I love the true friendships I have made, the beauty I now get to see and be a part of in my daily life, and the pure love of books that we all share. Too much of the world is difficult, confusing or painful, but bookstsagram never is. We are here because we love and appreciate the written world, and we want to make that appreciation as lushly visual as possible. Isn’t that something we can all get behind?

Is there anything you’d like to see change/improve in the community?

I mean, the occasional hater’s gonna hate, I guess. I’m happy to say I’ve had almost no unpleasant experiences here on the ‘gram, however. If there’s any way I want it to change, it’s to get bigger! Every single day I see new accounts, people who have just started and wonder if they really belong. The answer is: You do, my friends. We all deserve to be part of a loving community that adores literature.

Who are some of the bookstagrammers who inspire you?

Oh man. Questions like this always make me nervous because I feel like I’m going to forget someone or step on toes, but I’ll do my best not to. From the day I started to this moment, the two most beautiful accounts in the world to me have always been @_halfbl00dprincess and @youngadultbookaddict. In many ways these two have set the gold standard for bookstagram loveliness, and I feel the community has them to thank for its beauty and heart. Other accounts I love include:















What kinds of books do you like to read?

I read mostly young adult science fiction and fantasy. I also like science fiction for older age groups (even though the YA age group spans like 50 years, ha!). Sometimes I love a good classic fantasy, such as The Lord of the Rings or The Sword of Shannara.

What are three key things you look for in a good story?

Excellent storytelling, great mythology, killer romance.

What do you love most about reading, and why do you believe reading is important?

I believe that reading teaches us all sorts of skills, applicable in both academia and the wider world. If you’re a parent or teacher, you know that nothing prepares a child to succeed better than having lots of exposure to language, and reading books is the best way to do that. From books we learn new words (even if, like me as a kid, we’re always mispronouncing them), we learn new ways of thinking about the world and relating to other people, and we learn to be strong. When I read about tough situations the characters are going through, I’m in some sense practicing to go through those scenarios myself. How would I face the Dark Lord? How would I escape from zombies? When would I sacrifice myself for something bigger? The stories we read about others allow us to ask bigger questions about life, love, happiness, success and spirituality. In that sense, books are both an escape from and preparation for real life, which is especially valuable when we’re young.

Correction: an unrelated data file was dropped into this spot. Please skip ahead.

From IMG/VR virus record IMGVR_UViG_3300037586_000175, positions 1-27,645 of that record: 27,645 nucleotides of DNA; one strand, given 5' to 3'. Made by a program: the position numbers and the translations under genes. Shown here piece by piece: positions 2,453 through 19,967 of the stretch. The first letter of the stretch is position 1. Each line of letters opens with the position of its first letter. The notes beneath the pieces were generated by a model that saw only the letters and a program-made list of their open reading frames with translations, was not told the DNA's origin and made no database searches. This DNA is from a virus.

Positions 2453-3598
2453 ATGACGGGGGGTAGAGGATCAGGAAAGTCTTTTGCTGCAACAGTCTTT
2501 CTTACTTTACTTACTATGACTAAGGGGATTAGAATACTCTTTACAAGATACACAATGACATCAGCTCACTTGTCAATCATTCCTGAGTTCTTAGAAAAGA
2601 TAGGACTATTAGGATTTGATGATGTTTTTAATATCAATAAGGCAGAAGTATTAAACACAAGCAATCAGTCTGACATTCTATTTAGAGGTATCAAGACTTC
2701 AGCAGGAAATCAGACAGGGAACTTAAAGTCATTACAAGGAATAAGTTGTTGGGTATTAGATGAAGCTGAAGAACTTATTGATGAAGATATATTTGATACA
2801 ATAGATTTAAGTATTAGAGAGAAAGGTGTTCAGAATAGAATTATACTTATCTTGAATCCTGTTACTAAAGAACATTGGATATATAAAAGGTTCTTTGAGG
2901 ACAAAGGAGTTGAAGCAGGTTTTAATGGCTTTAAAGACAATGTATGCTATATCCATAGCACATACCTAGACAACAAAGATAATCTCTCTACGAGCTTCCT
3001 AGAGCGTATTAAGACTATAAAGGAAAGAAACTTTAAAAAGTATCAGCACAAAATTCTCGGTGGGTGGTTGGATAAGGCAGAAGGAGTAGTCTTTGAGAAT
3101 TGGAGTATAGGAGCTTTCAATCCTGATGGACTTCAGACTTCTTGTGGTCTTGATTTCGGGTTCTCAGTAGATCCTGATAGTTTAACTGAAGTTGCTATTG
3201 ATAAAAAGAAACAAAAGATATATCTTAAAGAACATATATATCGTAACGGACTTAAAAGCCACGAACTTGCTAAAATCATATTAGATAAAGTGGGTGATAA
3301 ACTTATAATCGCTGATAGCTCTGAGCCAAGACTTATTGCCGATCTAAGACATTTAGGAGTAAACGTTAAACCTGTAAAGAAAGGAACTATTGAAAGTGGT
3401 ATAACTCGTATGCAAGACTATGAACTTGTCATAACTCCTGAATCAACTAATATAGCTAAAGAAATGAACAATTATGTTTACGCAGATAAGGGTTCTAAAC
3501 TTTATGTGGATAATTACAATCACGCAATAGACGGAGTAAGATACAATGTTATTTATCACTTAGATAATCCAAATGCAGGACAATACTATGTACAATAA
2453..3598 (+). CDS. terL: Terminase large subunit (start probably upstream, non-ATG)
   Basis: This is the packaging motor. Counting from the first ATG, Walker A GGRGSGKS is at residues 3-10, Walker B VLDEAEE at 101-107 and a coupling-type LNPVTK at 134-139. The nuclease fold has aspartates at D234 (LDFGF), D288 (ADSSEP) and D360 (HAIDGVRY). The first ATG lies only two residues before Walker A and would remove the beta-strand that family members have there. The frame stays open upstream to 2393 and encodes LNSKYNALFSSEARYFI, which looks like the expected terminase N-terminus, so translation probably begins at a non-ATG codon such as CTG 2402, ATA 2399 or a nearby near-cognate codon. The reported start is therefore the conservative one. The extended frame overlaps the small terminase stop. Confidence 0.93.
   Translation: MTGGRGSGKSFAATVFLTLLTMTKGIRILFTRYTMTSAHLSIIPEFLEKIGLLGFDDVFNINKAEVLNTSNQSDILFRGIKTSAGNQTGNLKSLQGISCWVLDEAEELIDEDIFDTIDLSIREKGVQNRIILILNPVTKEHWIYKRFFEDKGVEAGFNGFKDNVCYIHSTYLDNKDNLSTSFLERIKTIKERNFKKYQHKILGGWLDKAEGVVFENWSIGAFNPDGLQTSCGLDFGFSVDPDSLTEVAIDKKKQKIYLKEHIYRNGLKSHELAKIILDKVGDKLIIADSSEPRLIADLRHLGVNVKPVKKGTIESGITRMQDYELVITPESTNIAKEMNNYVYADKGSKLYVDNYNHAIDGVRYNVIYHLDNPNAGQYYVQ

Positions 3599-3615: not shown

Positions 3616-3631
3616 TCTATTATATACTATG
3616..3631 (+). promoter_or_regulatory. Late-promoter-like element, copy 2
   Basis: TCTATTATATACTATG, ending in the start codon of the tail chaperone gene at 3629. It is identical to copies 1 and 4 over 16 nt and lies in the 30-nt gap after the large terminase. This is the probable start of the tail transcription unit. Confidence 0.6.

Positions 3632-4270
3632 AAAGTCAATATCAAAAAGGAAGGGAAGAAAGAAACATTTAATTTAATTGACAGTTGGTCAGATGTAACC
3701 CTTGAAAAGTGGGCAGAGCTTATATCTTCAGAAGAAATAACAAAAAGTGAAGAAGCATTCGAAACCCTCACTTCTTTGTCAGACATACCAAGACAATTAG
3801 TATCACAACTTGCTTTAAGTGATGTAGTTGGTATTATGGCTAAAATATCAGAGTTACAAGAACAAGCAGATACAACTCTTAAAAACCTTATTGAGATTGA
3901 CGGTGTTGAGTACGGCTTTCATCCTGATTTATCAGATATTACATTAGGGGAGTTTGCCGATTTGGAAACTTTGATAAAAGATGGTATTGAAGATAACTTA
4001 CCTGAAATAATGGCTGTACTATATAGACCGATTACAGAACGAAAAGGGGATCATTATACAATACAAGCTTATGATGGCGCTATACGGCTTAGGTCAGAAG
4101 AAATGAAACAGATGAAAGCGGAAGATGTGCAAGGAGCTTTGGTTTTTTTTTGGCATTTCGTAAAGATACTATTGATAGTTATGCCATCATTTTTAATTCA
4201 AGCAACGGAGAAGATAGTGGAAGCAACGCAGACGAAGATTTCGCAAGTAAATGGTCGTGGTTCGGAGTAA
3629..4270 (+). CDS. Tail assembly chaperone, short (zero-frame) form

What’s been your favourite read so far this year?

Oh man, hard to say. I read both The Martian and The Song of Achilles last December, and nothing has compared to either since then. Those stories are both timelessly beautiful and I’m still a little hungover from each. This year, though, Dreamology left a pretty excellent impression on me. I am also just loving The Raven Cycle, because it’s the tits. Sorry, is that appropriate for bookstagram?

What five books should everyone who’s reading this add to their TBR pile?

The Martian

Ender’s Game

The Song of Achilles

The Grisha Trilogy (cheating, I know)

The Blind Watchmaker

What advice would you give to new bookstagrammers?

Stick it out. Starting any social media account is hard. No one likes to talk about it, because it seems kind of counter to the whole “community” thing, but we all crave attention, likes, follows and mastery … and at first it will seem like you’re getting none of them, which can feel discouraging. These things take time. BUT I would be hard pressed to point to an account that worked hard over a period of months to find their style and didn’t achieve all of these things surprisingly quickly. If you really love books, there is absolutely a place for you in this community. Stick around, and before you know it, you’ll be rocking the feed of your dreams.

And finally, where else can we find you talking books? (eg: WordPress, Goodreads, Twitter, Facebook, mailing list, etc.


Goodreads: newleafwriter

Twitter: newleafwriter

Pinterest: newleafwriter

Pop over to @newleafwriter, say hi to Sarah and see what she’s reading on Instagram.

Like what you see? Keep in touch:

Twitter facebook-official-icon-3_jpg Instagram goodreads icon circle-64 Pinterest

And get the latest from Lectito delivered to your inbox. 

sign up